WG – That’s more on the MPAA than anyone else. You know how arbitrary they can be. Maybe they thought that because most of the victims were aliens it wouldn’t be that bad.
RD – Are you saying that the ratings board is racist towards non-human intelligence life forms?
WG – Hah! Yes. That’s exactly what I’m saying. Now a question for you – Do you think the filmmakers went into this trying to make a great film or just not to screw things up?
RD – I don’t think anyone spending close to $200 million on a movie starts out with any other intention than to make a great movie. However, I think that in everybody’s mind was the specter of the Catwoman movie and more recently the fan reaction to the briefly mooted Green Lantern film that would have starred Jack Black and have been written y Robert Smiegel. Combine that with the studio’s need to launch a franchise to replace the Harry Potter income streams and it very quickly can become a case of “Don’t screw this up.”
But I’m wondering two things – 1) Did they pick too ambitious a hero to start a DC Comics film franchise with and 2) Are they trying to follow the Marvel Studio model too closely and will that prove a detriment? OK, that was three things.
WG – Don’t forget that Jonah Hex, a film with studio involvement that ruined it, was even fresher. This goes to answer #2, since the heavy hand of the studio changing the film to what they think audiences wasn’t didn’t work, following Marvel’s lead was a smart way to go. And answering #1, I belive that Green Lantern was an ideal choice to make a movie – if they made it correctly. A big part of the concept that was missing was the awe and grandeur aspect. This might be where following Marvel’s lead was bad. Marvel’s films lend themselves to be more grounded. DC’s comics are more about being mythic and bigger than life in nature. When you lead character is so blasé about meeting different alien races and travelling to alien planets, it ruins the awe aspect.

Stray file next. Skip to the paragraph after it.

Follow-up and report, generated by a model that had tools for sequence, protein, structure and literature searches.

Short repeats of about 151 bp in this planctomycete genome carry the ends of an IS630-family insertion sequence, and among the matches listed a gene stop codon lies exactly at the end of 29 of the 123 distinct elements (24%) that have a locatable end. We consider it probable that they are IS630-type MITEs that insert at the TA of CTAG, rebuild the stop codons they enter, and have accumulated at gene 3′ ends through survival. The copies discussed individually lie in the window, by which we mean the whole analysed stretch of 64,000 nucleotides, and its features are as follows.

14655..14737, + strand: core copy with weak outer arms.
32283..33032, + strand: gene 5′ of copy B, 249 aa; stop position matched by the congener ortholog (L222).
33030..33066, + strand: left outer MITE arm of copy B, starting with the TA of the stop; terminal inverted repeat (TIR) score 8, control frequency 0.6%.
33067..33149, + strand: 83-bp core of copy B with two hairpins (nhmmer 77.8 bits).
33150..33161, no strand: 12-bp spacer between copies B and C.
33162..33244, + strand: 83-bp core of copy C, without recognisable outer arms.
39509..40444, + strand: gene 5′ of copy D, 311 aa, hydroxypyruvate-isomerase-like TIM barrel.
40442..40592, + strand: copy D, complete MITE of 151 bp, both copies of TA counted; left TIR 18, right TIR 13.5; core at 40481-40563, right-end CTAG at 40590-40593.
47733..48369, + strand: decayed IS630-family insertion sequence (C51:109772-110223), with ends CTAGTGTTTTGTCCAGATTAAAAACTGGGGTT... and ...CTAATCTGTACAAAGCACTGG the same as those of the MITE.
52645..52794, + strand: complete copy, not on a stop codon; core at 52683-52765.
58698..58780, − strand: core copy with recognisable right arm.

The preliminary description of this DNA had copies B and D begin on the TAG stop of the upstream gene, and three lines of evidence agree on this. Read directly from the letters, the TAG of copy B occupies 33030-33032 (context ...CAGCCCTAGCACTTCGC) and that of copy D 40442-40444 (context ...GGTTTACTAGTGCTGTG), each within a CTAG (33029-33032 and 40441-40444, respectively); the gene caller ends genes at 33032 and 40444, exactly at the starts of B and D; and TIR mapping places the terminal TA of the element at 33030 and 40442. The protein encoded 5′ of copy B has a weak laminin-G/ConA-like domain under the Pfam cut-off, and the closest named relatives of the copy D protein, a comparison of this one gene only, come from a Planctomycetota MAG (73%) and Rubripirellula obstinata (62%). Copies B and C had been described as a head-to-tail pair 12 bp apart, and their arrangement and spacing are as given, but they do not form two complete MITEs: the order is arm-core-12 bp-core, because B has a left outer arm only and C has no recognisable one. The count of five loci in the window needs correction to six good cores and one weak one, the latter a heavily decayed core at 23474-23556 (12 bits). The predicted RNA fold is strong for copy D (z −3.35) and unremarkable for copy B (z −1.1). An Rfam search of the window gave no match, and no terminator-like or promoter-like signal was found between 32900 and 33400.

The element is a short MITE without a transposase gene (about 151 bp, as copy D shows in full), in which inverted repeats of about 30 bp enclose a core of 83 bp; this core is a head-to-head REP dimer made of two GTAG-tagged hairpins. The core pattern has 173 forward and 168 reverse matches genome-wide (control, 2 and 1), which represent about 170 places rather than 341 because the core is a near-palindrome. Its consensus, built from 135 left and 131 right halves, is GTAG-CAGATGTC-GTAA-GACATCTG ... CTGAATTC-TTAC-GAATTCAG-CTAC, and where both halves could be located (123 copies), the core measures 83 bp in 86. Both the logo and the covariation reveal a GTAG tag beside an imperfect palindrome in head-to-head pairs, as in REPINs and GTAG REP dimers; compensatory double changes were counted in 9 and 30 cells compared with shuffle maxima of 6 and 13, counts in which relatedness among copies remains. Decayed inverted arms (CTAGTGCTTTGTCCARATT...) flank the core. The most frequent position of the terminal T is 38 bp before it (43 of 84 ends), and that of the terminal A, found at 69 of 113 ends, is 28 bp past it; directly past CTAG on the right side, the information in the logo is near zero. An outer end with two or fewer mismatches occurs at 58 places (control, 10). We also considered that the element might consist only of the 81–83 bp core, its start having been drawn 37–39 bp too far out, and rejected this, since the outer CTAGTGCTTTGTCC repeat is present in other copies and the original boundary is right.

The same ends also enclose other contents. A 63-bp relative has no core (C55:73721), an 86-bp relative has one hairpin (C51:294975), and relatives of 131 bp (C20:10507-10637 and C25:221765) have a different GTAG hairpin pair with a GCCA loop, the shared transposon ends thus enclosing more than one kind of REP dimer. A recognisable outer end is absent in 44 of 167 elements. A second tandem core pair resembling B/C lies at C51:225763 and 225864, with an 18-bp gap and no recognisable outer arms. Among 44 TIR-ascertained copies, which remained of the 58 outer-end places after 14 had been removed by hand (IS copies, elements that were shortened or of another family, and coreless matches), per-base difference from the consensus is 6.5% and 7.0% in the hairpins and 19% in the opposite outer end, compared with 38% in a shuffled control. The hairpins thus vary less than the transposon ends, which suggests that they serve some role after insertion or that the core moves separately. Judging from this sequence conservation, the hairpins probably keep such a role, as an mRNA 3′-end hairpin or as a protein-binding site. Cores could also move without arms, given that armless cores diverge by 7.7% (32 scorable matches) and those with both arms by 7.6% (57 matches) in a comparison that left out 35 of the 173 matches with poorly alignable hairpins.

RD – true, there was no real feeling of awe. Hal seemed pretty nonchalant with the whole going to a different planet thing. But I was thinking of Marvel’s Kevin Feige and his philosophy of only asking the audience to accept one fantastic concept per film, i.e., a man can build a flying suit of armor. As much as I like the character of Green Lantern and its mythos, I’m wondering if perhaps they should have started with someone not quite so complicated, perhaps the Flash or Green Arrow, both of whom are currently being developed for their own films.
WG – Well, if not being complicated was the idea, Thor would not have been made. Asgardian gods, frost giants, evil half-brothers, hammers that control the weather is not all the much less complicated than space cops, evil forces, corrupted humans and wish granting rings. So I don’t think that Green Lantern being too complicated played a role.
RD – But with Thor, audiences had three movies to acclimate themselves to Marvel’s cinematic world. Green Lantern is a bit of a plunge into the deep end.
WG – Not really. Outside of SHIELD, there was nothing to really set up anything in Thor. It’s a big leap to go from altered humans and technological geniuses to a thunder god. Thor was different enough from what came before that it was still a struggle to overcome.
RD – Well, I think we’ll have to agree to disagree on this point.
WG – Yes, you ignorant slut.
RD – Hah! So any final thoughts?
WG – I know that I probably came out sounding like I absolutely HATED Green Lantern. I thought there was a lot of good there too. But the film should have been a slam dunk. And it wasn’t because of some bad choices. That’s frustrating.
RD – Well, all I’m hoping is that if Warners goes ahead with a sequel (and since I have trouble seeing them hit $150 million, let alone $200 million I doubt that they eventually will), I hope that they concentrate more on the story and remember the human element in the grand scheme of things.
WG – Ditto!